The year 2015 started with Downtime in a remote anchorage in Sorong, Indonesia in the NE part of Indonesia with me flat on my back with some rouge flu virus trying to kill me. I was alone on the boat anchored a half mile from shore and in between a crew change with a soaring fever, unable to move far before the debilitating effects of this unknown virus would make my head spin and force me to get horizontal again. This as close to death as I ever felt I had ever been. I was lying in a pool of sweat actually trying to remember if I had ever felt so bad and what if anything could I do about it? Getting to shore seemed out of the question because I knew if I left the boat unattended I would surely be robed and come home to an empty shell. Next was the doubtful possibility that there was even a doctor ashore that could do anything for my situation.
Finally after the third day of sleep and 1st day of self administered antibiotics my fever broke and I turned the corner onto the road of recovery. Thank God because who knows how long it would have taken someone to find me if I did take a turn for the worse.
After a week of being horizontal I was back on my feet but nursing a hacking chest cold and somewhat ready to greet the new crew that were due to arrive on the 8th and 9th.
Richie (Grasshopper) from New Zealand arrived ready for an adventure with surfboard in tow hopping to find a wave to ride along the way Richie’s sailing adventure started with a provisioning run with me to town that morning.
The fish market was located on the main wharf and the first and last thing we walked through going into the city. The catch varied from day to day except for on No Fish Monday because everyone took Sunday off. The prices were cheap and the fish fresh and we loaded up on a nice chunk of Marlin, fresh Prawns and squid that were each just a few dollars US a pound.
With the freezer full of fish we headed to the supermarket.
I bet you are thinking: “Ohh, the fish market is where the fresh catch is displayed on beds of crushed ice in a refrigerated glass cases right? “ Wrong! This market is a simple roof covering concrete poured in place tables next to the bay with vendors displaying their catch in grungy ice chests that most likely have never had a scrub with bleach and soap or laying on the rough concrete tables. Thankfully they do have ice to keep the fish cool that is available in huge 100 pound blocks.
You would think there would at least be a water faucet to wash it all down after a long hot day of selling fish, but no they simply place the suction end of a pump in the ocean and spray it all down with water that I would not dare swim in! Needless to say I only bought fish that were whole and cold to the touch or fresh out of the coolers.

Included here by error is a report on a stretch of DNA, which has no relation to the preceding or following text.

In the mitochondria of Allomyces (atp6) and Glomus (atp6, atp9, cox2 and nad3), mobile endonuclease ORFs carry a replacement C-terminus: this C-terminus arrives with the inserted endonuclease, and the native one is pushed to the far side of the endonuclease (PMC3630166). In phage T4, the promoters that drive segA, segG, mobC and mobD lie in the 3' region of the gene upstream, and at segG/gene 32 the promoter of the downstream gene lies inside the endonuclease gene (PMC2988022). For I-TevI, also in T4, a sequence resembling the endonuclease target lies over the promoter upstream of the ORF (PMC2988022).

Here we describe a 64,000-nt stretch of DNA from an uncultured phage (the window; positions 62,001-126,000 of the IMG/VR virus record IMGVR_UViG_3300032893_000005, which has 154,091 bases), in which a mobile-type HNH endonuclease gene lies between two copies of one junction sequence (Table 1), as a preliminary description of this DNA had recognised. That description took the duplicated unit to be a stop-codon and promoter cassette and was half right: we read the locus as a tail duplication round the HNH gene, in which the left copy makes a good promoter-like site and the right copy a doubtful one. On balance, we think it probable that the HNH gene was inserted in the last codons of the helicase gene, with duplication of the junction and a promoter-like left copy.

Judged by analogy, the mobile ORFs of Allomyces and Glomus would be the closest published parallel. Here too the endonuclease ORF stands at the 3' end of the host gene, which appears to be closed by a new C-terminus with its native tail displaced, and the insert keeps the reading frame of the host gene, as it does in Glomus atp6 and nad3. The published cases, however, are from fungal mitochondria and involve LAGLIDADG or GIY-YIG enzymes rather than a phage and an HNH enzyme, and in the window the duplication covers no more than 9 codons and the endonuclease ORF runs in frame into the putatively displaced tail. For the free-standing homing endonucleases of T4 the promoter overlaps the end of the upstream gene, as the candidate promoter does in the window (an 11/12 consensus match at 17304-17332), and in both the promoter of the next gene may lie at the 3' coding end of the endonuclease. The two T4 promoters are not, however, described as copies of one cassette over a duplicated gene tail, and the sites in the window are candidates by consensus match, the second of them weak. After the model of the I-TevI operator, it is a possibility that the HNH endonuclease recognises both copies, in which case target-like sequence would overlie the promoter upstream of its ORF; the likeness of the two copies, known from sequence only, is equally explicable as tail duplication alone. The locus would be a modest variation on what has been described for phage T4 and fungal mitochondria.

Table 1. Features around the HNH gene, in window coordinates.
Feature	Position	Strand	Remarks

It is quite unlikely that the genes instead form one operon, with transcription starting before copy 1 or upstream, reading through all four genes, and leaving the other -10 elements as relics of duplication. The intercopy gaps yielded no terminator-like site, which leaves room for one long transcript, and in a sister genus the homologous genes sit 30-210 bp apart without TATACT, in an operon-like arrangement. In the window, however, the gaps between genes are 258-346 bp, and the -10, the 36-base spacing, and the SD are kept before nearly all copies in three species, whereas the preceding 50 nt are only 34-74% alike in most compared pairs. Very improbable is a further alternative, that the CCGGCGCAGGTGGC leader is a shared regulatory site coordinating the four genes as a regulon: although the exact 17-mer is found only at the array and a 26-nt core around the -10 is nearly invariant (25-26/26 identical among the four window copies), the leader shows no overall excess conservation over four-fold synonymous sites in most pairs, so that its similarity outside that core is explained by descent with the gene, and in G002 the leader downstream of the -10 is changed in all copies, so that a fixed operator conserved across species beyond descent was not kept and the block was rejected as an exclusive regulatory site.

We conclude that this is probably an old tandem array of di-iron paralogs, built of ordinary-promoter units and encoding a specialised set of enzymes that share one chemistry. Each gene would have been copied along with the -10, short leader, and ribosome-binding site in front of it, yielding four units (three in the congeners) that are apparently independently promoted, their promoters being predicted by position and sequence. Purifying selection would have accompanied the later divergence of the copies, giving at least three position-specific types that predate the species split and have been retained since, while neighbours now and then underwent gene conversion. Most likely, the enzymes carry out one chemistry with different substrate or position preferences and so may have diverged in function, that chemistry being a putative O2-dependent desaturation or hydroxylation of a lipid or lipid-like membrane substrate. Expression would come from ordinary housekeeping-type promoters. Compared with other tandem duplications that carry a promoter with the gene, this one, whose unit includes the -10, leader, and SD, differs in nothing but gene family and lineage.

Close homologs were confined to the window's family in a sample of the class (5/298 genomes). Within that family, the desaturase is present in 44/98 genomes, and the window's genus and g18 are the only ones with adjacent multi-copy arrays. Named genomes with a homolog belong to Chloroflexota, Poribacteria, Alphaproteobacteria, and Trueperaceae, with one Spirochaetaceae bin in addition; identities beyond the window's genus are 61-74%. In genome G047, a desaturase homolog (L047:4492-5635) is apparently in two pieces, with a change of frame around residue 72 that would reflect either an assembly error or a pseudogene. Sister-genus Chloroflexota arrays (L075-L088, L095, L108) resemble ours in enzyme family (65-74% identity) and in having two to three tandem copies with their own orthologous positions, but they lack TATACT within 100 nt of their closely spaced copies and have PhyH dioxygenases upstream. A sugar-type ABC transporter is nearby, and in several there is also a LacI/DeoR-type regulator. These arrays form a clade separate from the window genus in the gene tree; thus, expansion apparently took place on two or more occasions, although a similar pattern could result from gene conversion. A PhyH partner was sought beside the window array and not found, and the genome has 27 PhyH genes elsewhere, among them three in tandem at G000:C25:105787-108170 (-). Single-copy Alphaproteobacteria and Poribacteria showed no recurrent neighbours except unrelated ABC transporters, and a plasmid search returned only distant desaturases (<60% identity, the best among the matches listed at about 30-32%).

When you leave the fish market and walk towards town you pass by large screens that are on frames built a few feet over the ground used to dry sardines. Underneath these screens is an uneven dirt floor with pools of water from the daily rains and the ground is literally moving with thousands of maggots. One good whiff of this and you are ready to gag so you take a big breath before you get there and walk as quickly by as possible.
I have to say that just simply walking in these third world countries is dangerous. There are no building codes and simple things like step hight’s and sidewalks without huge holes to trip you is something we rarely even think about back in the states. Here sidewalks can have holes that you not only trip on but could fall completely into and stepping off a simple curb the height can vary fro m from one inch to a 2 foot drop. After my first face plant back in Fiji I have learned to pay attention and watch where I was stepping.
After a mile walk through town we arrived at the supermarket where things were just a little cleaner than at the fish market, but not by much finding dust covering every thing in the store . We shopped quickly and soon most items on the list were checked off. An hour later we had filled three carts full of various food items and two more full of toys to be given away down the road. The four foot long tape from the register at the checkout lane at looked like I had just landed on Park Place with four hotels on it playing Monopoly showing something like $1.2 million Rupia!.
The conversion rate here is $1200 Indonesian Rupia to $1 USA and subsequently you find yourself with money that has lots of extra zeros printed on it. The conversion rate is so bad that when you ask the question who wants to me a millionaire most people just shrug their shoulders and laugh. I had a few million in my pocket but when the 4 foot register tape finally got done printing and I saw the number it made my heart flutter just a little. I pulled my wad of Monopoly (Indonesian Rupia) money out and began counting in nice big piles of 100,000 Rupia ($80 US). A few minutes later I dispensed all but $10000 Rupia of what I had in my pocket. I told Richie at this point, now there is a good shopping lesson go in and spend all your money in your pocket but don’t go over! We had just enough left for a few ice creams on the way back to the boat.
The heavy items like beer and fuel were delivered to the boat and by the end of the day we had the boat fueled and with enough food aboard for the next four weeks.
Daniela from Germany (Wind Woman) arrived the next morning toting her kite gear and all we had left to do was simply clear out and set sail. Well this sounds easy doesn’t it?
We found out in Indonesia clearing out is like getting on a bad carnival ride and watching a monkey Fu%ing! a football at the same time! Our first stop immigration found us waiting an hour for the agent to show up for work, late (island time). then it was off to customs to fill out more forms. finally to the port captains office where I was informed it was disrespectful not to ware pants. It took no fewer than 4 cab rides back and forth across town and one trip back to the boat to put pants and shoes of all things on the increasingly grumpy Captain.